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Hog farms get $25M for circovirus vaccinations

by 5m Editor
16 November 2007, at 10:27am

QUEBEC – The Honourable Christian Paradis, Secretary of State for Agriculture, on behalf of the Honorable Gerry Ritz, Minister of Agriculture and Agri-Food and Minister for the Canadian Wheat Board, today announced the launch of the Circovirus Inoculation Program (CIP) to help address disease-associated mortality issues affecting hog herds in Canada.

“We are committed to helping Canadian hog producers combat disease and increase profitability in the hog sector,” said Mr. Paradis. “That is why we are providing immediate financial assistance of $25 million to producers to test and vaccinate hogs in Canada and will continue to work with the industry to develop solutions to ensure the long-term viability of the sector.”

While these diseases pose no risk to human health, the economic impacts on the Canadian swine industry have been extensive. On August 20, 2007, Mr. Paradis, on behalf of Minister Ritz, announced the contribution of $76 million over four years to combat disease and enhance prosperity and stability in the hog sector. The CIP is the first phase of the initiative and will allow farmers to be reimbursed up to 50 per cent for diagnostic testing and vaccination of hogs exposed to Porcine Circovirus Associated Diseases (PCVAD2), an umbrella term used to identify a series of diseases brought on by exposure to the virus that can be fatal to hogs.

“The economic impacts on the Canadian swine industry have been severe,” said Canadian Pork Council President Clare Schlegel. “We are pleased that funding is now available to offset some of the diagnostic and vaccine costs associated with PCVAD2 and encourage hog producers to apply.”

Recommendations
Consistent with the recommendations of an industry-government task team, the four-year initiative for the Control of Disease in the Hog Industry (CDHI) will focus on assisting producers and the industry in four areas: hog vaccination; research; bio-security and best management practices; and developing long-term risk management solutions. The Government of Canada is working closely with the hog industry through the Canadian Pork Council and the veterinary community to develop program details for the remaining three areas of the initiative.

SAINt-hyacinthe, Quebec, November 15, 2007 – The Honourable Christian Paradis, Secretary of State for Agriculture, on behalf of the Honorable Gerry Ritz, Minister of Agriculture and Agri-Food and Minister for the Canadian Wheat Board, today announced the launch of the Circovirus Inoculation Program (CIP) to help address disease-associated mortality issues affecting hog herds in Canada.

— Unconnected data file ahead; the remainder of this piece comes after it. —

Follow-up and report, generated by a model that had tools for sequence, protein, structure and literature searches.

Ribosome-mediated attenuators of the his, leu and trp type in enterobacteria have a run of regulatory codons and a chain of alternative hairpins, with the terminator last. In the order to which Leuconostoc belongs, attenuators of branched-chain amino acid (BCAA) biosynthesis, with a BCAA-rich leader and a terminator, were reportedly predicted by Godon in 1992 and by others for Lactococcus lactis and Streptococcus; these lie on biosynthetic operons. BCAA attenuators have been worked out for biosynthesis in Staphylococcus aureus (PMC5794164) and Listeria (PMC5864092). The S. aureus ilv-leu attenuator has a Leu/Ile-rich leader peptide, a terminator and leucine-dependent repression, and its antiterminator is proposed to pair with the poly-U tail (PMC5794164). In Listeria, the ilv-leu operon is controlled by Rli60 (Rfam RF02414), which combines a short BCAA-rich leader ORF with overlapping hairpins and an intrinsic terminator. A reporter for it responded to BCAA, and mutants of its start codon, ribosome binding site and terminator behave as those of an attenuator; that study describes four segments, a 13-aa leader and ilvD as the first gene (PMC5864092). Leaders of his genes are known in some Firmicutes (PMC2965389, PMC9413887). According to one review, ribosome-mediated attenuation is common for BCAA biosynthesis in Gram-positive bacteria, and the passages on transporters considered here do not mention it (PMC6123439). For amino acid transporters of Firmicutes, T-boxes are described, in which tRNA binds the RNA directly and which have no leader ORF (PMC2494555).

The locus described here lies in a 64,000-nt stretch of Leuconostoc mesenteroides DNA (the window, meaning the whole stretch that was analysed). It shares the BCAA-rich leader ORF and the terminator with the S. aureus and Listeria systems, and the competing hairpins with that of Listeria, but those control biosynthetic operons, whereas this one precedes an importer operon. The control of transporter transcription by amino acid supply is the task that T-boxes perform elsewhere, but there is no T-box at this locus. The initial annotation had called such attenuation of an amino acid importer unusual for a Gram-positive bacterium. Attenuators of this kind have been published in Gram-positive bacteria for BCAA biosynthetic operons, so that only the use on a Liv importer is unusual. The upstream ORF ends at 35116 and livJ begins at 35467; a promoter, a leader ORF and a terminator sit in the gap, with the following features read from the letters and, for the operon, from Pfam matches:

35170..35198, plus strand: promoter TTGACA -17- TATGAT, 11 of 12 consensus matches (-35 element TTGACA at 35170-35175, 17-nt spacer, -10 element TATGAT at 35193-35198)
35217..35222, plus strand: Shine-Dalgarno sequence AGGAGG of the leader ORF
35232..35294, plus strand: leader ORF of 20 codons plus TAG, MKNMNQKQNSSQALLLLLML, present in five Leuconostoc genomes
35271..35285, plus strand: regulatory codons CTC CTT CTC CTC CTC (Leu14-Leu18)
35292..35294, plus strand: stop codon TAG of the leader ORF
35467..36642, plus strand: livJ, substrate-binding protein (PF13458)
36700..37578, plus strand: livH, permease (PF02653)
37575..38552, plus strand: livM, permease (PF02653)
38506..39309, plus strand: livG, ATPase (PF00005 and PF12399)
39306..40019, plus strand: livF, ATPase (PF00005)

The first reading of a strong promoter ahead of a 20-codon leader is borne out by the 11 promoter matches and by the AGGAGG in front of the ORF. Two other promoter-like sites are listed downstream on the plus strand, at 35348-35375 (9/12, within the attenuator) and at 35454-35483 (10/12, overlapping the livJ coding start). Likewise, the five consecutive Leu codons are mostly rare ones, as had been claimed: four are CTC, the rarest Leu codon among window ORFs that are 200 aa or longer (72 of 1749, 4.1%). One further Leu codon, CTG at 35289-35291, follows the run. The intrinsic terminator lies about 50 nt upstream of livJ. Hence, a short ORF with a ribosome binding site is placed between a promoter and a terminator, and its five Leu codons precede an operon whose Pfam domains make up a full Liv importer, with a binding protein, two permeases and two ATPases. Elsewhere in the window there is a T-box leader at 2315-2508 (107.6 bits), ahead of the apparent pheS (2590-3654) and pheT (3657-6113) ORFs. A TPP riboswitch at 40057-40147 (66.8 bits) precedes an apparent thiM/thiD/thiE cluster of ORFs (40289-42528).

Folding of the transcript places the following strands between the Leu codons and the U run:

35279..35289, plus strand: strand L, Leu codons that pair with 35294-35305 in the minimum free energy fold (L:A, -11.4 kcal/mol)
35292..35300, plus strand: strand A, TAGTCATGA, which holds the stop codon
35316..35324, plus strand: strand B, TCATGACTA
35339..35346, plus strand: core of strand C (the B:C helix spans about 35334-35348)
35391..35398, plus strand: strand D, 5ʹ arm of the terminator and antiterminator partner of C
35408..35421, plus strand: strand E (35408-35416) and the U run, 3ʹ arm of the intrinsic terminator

“We are committed to helping Canadian hog producers combat disease and increase profitability in the hog sector,” said Mr. Paradis. “That is why we are providing immediate financial assistance of $25 million to producers to test and vaccinate hogs in Canada and will continue to work with the industry to develop solutions to ensure the long-term viability of the sector.”

Economics
While these diseases pose no risk to human health, the economic impacts on the Canadian swine industry have been extensive. On August 20, 2007, Mr. Paradis, on behalf of Minister Ritz, announced the contribution of $76 million over four years to combat disease and enhance prosperity and stability in the hog sector. The CIP is the first phase of the initiative and will allow farmers to be reimbursed up to 50 per cent for diagnostic testing and vaccination of hogs exposed to Porcine Circovirus Associated Diseases (PCVAD2), an umbrella term used to identify a series of diseases brought on by exposure to the virus that can be fatal to hogs.

“The economic impacts on the Canadian swine industry have been severe,” said Canadian Pork Council President Clare Schlegel. “We are pleased that funding is now available to offset some of the diagnostic and vaccine costs associated with PCVAD2 and encourage hog producers to apply.”

Consistent with the recommendations of an industry-government task team, the four-year initiative for the Control of Disease in the Hog Industry (CDHI) will focus on assisting producers and the industry in four areas: hog vaccination; research; bio-security and best management practices; and developing long-term risk management solutions. The Government of Canada is working closely with the hog industry through the Canadian Pork Council and the veterinary community to develop program details for the remaining three areas of the initiative.

5m Editor